A Lesson from Zorba the Greek: Movement as a Path for Psychotherapeutic Healing
By: Jule Aguirre | August 30, 2011
Jule Aguirre, M.Ed., LPC, NCC, is a Nia Next Generation Trainer and Nia 5 Stages practitioner who has been facilitating movement for body-mind integrators, urban athletes and adventurers in wellness for over 26 years. To learn more about Jule, visit www.juleinthelotus.com.
Let’s start with a metaphor from the movies. In the final scene of Zorba the Greek, the intellectual, uptight writer, Basil, asks the exuberant older man to teach him to dance – and thereby learns to embrace life.
Dance is one of the oldest art forms, and depends on the body to communicate feeling and emotion through movement. In ancient tradition, dance has been used to therapeutically lift spirits. Dance has also been an important part of ceremonial events, self expression and health practices in most cultures throughout history. Medicine men and women of many Native American tribes used dance as part of their healing rituals.
As Nia has developed over the last 30 years, utilizing organic and authentic movement from nine distinct disciplines, the practice naturally found its place in the world of psychotherapeutic healing. A nonverbal vehicle for self-realization, Nia opens doors to rational thinking, personal growth and transformation. For those with mental illness, Nia can be a noninvasive solution to the mental or emotional blocks that hold them back from enjoying life and reaching their full potential. Shared expression of emotions allows participants to see and be seen, and to break through some of the isolation caused by their mental or emotional imbalances. The ability to verbalize emotion is often impaired by mental illness. Nia's approach to movement (The Body's Way) becomes a pathway for insight and expression, providing a foundation for healing.
Many people often venture into self-defeating patterns. Nia gets them into their bodies, into new worlds they can’t manipulate. Once the music begins and movement patterns and non-patterns are activated, the “spell” is broken. Habits and self-perpetuated illusions can be overcome.
Movement helps people develop positive body images; improves self-esteem; reduces stress, anxiety and depression; decreases chronic pain and body tension; and improves communication skills and increases feelings of healthfulness. Physical activity is known to increase endorphins in the brain, which creates an overall feeling of well-being. Total-body movement enhances the functions of other body systems, such as the circulatory, respiratory, skeletal and muscular systems. Regular aerobic exercise helps with glucose metabolism, cardiovascular fitness, and weight control.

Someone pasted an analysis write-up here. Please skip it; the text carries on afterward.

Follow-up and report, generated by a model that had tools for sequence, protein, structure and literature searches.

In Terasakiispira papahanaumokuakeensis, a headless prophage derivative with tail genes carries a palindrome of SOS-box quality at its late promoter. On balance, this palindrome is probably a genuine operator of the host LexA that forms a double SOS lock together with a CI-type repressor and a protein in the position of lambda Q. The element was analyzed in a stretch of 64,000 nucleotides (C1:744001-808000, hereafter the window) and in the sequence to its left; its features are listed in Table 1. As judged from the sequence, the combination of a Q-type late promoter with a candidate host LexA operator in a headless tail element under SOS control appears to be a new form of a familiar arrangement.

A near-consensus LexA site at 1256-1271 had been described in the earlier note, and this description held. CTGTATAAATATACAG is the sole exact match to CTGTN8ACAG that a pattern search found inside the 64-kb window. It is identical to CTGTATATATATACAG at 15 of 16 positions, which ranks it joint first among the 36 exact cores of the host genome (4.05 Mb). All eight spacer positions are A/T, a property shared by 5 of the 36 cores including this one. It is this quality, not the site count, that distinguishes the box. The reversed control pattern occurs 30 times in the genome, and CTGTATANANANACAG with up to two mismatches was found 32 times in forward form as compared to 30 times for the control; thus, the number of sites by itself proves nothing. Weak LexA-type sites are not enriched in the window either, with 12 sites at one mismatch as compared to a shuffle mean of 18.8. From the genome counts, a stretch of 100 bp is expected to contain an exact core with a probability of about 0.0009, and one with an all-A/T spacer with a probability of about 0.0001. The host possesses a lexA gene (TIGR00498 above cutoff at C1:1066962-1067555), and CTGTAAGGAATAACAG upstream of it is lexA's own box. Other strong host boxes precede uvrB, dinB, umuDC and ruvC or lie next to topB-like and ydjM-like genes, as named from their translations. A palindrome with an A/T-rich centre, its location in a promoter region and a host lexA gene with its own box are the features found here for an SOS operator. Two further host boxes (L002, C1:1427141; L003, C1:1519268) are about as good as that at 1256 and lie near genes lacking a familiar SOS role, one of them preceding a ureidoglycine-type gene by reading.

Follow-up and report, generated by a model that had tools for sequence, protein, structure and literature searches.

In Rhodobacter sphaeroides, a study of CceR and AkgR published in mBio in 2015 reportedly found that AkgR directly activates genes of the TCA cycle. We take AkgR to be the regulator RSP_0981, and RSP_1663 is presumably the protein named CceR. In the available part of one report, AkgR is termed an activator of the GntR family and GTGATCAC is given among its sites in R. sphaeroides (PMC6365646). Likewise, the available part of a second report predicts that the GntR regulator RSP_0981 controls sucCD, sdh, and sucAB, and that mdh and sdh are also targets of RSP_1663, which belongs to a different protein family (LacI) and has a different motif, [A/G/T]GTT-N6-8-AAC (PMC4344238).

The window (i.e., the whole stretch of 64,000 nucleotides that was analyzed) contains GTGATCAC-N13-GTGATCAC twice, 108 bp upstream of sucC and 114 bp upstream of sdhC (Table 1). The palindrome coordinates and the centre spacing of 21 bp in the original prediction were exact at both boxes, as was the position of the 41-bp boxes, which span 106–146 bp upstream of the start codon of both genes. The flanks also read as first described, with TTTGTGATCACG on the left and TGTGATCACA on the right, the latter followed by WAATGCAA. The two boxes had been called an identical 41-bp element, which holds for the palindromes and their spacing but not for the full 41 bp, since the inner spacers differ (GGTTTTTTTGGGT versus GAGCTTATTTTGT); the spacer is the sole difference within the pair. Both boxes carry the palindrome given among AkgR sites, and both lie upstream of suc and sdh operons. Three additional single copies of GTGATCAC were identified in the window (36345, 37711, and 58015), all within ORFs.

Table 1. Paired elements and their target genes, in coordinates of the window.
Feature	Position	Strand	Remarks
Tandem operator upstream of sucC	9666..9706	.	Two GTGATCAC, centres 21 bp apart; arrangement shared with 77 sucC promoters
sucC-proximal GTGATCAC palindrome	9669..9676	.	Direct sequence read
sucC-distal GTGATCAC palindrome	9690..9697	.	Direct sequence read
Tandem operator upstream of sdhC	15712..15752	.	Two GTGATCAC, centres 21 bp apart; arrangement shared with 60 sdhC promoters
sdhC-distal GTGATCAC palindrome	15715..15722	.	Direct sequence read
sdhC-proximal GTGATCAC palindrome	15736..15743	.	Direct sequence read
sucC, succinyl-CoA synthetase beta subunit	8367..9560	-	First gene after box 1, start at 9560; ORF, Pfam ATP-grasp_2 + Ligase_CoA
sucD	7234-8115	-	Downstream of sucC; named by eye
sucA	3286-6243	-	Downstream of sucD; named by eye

Since we are our bodies, the experience of Nia occurs within the self as it moves, with no transitional “object” to mediate it. Movement is fundamental to human life. In fact, movement is life. Contemporary physics tells us that the universe and everything in it is in constant motion. We can move our body, and at the most basic level, our body is movement. According to the somatic educator Thomas Hanna, "The living body is… a constantly moving body." The poet and philosopher Alan Watts eloquently states a similar view, saying, "A living body is not a fixed thing but a flowing event, like a flame or a whirlpool." The great Western philosopher Socrates understood what modern physics have proven: "The universe is motion and nothing else."
Nia, in a sense, is a psychotherapeutic use of movement for emotional, cognitive, social, behavioral and physical conditions. What is the aim of this psychotherapeutic approach to movement that Nia uses? It is a quest for self-revelation through bodily movement. When we tune in to the deepest well springs of our being, we learn new things about ourselves and others, without having a need for the spoken word.
Nia provides an opportunity for emotional reactions and insights to emerge. Various styles of movement – from the dance arts, martial arts and healing arts – are used, but the emphasis is not on technique or performance. What this approach offers is not a cure, but a means of discovery through which one can achieve greater harmony between the body, mind, emotions and spirit. By creating a safe, non-judgmental environment, Nia enables the student to express struggles, unhappiness, hopes and fears through movement.
Zorba the Greek wasn’t a therapist, but with his freeing affect on Basil, as they kicked up their heels, he might as well have been.